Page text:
Sunday, March 25, 2012

The Wisdom of Perverts

Hi. If you think the advice you’re about to tell me could be best expressed in the form of some fossilized chunk of words that would have sounded clichéd two generations ago, please stop. I won’t hear it.

What’s that? You say “It’s always in the last place you look”? “God never closes a door without opening a window”? “You catch more flies with honey”? I say “Think about what you’re wanting to say and find a new way to say it, you unoriginal suck.” Indeed, homespun (but threadbare) advice will never comfort me as much as something that tells me you actually thought enough to formulate a sentence that applies specifically to me and my current situation in life.

I’m not sure why I resent these kinds of clichés so much, and I can’t even promise that I haven’t ever slipped and myself said one or two, but they just seem lazy to me. This quiet rage has prompted my word of the week.
perverb (PURV-urb) — noun: a known saying that has been modified in a way that makes it surprising, confounding or otherwise humorous.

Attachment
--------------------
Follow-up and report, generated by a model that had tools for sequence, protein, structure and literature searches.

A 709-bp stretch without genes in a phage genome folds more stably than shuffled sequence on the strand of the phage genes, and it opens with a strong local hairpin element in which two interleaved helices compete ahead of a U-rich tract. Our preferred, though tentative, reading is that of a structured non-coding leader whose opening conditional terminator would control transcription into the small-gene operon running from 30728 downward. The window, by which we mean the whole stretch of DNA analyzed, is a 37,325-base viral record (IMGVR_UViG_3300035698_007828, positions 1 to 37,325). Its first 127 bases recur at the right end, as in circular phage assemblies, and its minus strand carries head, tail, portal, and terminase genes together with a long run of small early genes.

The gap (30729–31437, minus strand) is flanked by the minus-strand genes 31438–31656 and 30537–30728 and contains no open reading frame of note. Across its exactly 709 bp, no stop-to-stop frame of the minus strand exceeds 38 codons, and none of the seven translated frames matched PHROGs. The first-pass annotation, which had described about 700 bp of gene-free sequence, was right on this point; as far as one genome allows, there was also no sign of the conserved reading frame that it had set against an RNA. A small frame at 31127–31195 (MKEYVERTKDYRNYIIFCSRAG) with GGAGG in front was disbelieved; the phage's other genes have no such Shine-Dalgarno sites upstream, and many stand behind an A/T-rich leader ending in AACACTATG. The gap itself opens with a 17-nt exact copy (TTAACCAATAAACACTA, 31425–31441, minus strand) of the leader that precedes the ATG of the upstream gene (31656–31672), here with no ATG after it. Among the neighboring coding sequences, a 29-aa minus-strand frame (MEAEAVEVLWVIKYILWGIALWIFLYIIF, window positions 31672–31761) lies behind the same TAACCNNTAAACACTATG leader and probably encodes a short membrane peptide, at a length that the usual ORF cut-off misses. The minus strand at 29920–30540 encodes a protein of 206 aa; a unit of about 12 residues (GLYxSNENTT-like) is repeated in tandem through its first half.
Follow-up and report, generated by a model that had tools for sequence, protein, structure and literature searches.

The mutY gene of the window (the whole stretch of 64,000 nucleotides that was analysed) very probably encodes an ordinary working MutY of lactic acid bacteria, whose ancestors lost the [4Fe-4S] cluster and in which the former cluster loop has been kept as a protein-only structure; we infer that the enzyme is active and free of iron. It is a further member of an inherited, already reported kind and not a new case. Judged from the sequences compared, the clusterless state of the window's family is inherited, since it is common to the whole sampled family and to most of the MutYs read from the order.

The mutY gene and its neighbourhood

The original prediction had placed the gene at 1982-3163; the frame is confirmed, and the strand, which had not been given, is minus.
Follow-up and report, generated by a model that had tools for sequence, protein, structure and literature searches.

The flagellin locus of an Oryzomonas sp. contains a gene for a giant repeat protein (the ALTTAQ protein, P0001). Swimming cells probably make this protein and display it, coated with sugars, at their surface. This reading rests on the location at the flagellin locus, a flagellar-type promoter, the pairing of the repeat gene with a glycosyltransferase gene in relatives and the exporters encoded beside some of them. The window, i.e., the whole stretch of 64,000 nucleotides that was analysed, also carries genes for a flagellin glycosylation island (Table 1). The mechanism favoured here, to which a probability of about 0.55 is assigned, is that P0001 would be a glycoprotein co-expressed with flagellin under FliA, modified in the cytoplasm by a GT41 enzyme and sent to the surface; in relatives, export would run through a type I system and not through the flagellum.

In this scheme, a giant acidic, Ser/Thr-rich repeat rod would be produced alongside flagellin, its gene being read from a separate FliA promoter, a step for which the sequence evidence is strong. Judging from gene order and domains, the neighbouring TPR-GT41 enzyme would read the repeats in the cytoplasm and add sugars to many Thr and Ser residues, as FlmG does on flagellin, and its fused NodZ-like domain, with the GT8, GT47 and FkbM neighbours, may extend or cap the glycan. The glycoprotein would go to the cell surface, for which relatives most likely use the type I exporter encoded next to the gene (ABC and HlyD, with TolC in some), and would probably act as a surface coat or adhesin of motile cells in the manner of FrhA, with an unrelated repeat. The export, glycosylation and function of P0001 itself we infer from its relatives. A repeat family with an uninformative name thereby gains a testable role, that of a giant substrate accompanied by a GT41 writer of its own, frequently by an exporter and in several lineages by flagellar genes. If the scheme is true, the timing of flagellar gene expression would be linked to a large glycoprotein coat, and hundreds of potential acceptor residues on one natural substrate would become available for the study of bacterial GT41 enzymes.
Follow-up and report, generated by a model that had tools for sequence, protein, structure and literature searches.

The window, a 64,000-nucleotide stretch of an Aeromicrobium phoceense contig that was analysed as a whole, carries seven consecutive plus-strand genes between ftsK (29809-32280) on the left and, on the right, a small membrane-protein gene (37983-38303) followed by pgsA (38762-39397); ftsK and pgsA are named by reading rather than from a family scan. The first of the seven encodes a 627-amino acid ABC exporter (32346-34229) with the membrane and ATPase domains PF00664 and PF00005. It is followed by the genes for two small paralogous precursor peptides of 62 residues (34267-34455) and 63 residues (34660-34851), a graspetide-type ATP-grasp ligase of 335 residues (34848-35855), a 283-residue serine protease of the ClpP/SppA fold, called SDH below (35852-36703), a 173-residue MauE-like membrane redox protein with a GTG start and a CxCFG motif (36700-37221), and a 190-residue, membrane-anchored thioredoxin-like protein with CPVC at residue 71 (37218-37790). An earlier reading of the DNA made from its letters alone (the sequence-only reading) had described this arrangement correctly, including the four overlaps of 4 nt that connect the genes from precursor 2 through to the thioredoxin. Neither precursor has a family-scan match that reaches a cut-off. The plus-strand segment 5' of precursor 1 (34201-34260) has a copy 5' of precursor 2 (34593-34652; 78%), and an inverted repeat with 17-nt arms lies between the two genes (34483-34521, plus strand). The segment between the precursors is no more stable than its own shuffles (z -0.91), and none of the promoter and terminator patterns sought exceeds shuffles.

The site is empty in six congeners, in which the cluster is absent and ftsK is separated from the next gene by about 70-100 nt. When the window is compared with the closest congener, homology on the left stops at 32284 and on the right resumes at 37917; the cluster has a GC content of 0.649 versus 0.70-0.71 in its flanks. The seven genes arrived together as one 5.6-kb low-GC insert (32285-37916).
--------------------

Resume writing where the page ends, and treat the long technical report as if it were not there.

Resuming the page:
The word is exactly what you’d guess: a portmanteau of perverse and proverb. It was purportedly coined by writer and literary agent Maxine Groffsky in 2007, even if the concept behind the name is older. Though the go-to source on perverbs seems to be World Wide Words, the Wikipedia entry offers a more comprehensive overview of how people might use perverb:
  • Two proverbs spliced together (“A rolling stone gets the worm,” “A fool and his money is a friend indeed”)
  • A “garden path” proverb wherein homonyms throw off the meaning of expressed thought (“Time flies like the wind, but fruit flies like a banana”)
  • A pun on a proverb (“Slaughter is the best medicine”)
  • And a proverb with a nonsensical ending (“All that glitters is not dull,” and my personal favorite, “Find a penny, pick it up, and all day you’ll have a penny”)
This seems like the best possible antidote for clichés: Frankensteining them into something new and, in the case of the “find a penny” one, something that underscores how the original saying is ultimately stupid and meaningless. And yeah, there’s a significant overlap with a word of the week from back in February, paraprosdokian, which means “a figure of speech in which the latter part of a sentence or phrase is surprising or unexpected, often in a humorous manner.” In fact, both the second and fourth sets of perverb examples seem to also be paraprosdokians. I’m fine with that. As long as people are making fun of inane chatter, I’m absolutely fine with that.

(Hat tip for this one? Dina. Thanks, Dina!)

Previous words of the week after the jump.

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